As faith in bank bailouts dims, losses set to deepen

NEW YORK (Reuters) – The nightmare scenario for U.S. economic authorities is here: confidence in their ability to rescue the country from a housing-led financial panic is now at its lowest level since the crisis began.

This means losses for investors, already totaling nearly half a trillion dollars, could mount even further over the next few months, with implications for business investment and the overall health of the economy.

“You see a massive potential for financial meltdown on a global scale,” said T.J. Marta, fixed-income strategist at RBC Capital Markets.

Federal Reserve Chairman Ben Bernanke and Treasury Secretary Henry Paulson, testified before Congress this week on the country’s precarious financial state. They were met with unusually fierce questions from lawmakers on the feasibility of a plan to provide extra funding for mortgage finance giants Fannie Mae (FNM.N: Quote, Profile, Research, Stock Buzz) and Freddie Mac (FRE.N: Quote, Profile, Research, Stock Buzz).

Read moreAs faith in bank bailouts dims, losses set to deepen

Jim Rogers: Fannie Plan a `Disaster’; Goldman Says Sell

The U.S. economy is in a recession, possibly the worst since World War II, Rogers said.

“They’re ruining what has been one of the greatest economies in the world,” Rogers said. Bernanke and Paulson “are bailing out their friends on Wall Street but there are 300 million Americans that are going to have to pay for this.”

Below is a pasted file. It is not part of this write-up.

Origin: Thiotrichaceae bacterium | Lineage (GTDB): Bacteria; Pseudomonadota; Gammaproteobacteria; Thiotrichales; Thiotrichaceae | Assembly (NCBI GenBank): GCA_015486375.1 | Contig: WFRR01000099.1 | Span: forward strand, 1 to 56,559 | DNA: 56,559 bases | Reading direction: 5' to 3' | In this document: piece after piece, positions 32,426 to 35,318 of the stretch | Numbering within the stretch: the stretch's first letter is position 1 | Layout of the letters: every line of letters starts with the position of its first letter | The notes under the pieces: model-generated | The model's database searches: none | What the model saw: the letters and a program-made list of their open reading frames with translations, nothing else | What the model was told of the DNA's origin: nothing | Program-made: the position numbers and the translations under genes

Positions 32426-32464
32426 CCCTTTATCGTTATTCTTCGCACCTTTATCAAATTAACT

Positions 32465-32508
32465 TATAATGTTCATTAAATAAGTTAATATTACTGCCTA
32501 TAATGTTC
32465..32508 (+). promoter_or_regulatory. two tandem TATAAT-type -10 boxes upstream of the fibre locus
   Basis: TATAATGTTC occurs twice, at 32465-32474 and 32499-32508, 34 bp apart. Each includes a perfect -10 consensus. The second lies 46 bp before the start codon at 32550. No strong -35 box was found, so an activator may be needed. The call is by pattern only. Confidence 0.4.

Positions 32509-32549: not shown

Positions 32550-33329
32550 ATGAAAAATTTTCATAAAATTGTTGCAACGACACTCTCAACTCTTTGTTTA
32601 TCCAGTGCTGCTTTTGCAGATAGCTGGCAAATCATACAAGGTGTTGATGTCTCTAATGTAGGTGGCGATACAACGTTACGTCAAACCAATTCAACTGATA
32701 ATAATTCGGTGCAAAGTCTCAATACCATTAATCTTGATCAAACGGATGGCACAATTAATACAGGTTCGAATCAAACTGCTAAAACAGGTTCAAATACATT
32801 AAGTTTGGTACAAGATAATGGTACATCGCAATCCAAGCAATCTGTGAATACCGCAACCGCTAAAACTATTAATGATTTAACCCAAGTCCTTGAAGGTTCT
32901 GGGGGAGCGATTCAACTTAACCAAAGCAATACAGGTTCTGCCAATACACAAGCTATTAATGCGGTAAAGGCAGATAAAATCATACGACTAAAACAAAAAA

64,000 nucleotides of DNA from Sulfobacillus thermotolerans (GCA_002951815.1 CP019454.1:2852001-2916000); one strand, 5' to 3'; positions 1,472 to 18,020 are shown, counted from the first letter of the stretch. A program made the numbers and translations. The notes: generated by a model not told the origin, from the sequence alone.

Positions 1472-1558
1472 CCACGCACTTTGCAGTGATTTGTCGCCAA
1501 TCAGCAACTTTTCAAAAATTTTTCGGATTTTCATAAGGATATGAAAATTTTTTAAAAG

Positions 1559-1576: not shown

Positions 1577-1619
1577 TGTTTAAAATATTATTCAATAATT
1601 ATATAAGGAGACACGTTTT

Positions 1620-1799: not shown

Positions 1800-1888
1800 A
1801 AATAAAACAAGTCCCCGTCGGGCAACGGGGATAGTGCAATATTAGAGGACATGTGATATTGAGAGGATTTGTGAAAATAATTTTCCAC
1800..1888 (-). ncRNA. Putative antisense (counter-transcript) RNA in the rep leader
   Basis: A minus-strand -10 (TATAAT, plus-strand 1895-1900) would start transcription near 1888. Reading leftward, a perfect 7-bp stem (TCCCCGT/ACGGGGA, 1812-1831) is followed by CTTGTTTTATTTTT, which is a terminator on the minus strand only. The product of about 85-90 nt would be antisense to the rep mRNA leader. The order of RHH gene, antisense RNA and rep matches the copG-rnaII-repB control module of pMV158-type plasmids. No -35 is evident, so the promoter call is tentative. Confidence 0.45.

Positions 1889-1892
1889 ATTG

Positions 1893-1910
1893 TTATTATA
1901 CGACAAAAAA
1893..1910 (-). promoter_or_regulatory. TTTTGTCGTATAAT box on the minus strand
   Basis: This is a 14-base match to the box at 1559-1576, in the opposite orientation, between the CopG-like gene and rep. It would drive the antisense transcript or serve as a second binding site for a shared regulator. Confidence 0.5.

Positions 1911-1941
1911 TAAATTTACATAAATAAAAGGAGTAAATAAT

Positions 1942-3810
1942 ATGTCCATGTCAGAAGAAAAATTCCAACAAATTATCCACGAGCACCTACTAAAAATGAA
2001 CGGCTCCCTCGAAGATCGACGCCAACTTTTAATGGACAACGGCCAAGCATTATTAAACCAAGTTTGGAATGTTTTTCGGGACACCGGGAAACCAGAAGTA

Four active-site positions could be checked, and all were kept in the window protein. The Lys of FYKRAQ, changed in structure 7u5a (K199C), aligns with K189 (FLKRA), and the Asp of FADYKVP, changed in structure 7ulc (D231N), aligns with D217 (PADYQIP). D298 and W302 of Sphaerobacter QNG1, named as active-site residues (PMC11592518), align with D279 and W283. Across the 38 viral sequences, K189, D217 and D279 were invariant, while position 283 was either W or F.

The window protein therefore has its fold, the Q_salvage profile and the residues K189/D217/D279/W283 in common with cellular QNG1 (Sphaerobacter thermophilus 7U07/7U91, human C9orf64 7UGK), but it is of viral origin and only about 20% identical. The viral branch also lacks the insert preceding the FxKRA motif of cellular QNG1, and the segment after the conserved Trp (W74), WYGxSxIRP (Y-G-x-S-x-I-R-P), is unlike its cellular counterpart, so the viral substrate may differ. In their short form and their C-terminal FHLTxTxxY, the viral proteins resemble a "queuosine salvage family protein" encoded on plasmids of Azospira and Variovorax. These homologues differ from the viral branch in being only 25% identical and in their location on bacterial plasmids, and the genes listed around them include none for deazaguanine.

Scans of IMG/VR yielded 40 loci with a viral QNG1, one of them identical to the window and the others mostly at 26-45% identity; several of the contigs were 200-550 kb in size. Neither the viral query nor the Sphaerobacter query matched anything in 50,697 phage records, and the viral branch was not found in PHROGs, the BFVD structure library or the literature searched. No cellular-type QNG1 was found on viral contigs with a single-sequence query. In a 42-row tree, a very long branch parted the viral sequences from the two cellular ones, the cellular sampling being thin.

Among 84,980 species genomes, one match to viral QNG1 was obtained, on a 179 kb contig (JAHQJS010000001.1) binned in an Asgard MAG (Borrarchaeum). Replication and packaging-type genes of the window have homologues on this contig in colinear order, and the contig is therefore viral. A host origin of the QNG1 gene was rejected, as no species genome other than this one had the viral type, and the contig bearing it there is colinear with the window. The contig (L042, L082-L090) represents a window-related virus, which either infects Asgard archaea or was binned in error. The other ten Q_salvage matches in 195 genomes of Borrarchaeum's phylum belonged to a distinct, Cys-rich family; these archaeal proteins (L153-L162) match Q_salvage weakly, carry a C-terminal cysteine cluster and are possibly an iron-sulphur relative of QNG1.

July 14 (Bloomberg) — The U.S. Treasury Department’s plan to shore up Fannie Mae and Freddie Mac is an “unmitigated disaster” and the largest U.S. mortgage lenders are “basically insolvent,” according to investor Jim Rogers.

Taxpayers will be saddled with debt if Congress approves U.S. Treasury Secretary Henry Paulson‘s request for the authority to buy unlimited stakes in and lend to Fannie Mae and Freddie Mac, Rogers said in a Bloomberg Television interview. Rogers is betting that Fannie Mae shares will keep tumbling.

Goldman Sachs Group Inc. analyst Daniel Zimmerman said the mortgage finance companies’ shares may fall another 35 percent and lowered his share-price estimate for Fannie Mae to $7 from $18 and for Freddie Mac to $5 from $17. Freddie Mac fell 64 cents, or 8.3 percent, to $7.11 in New York Stock Exchange trading, while Fannie Mae fell 52 cents, or 5.1 percent, to $9.73.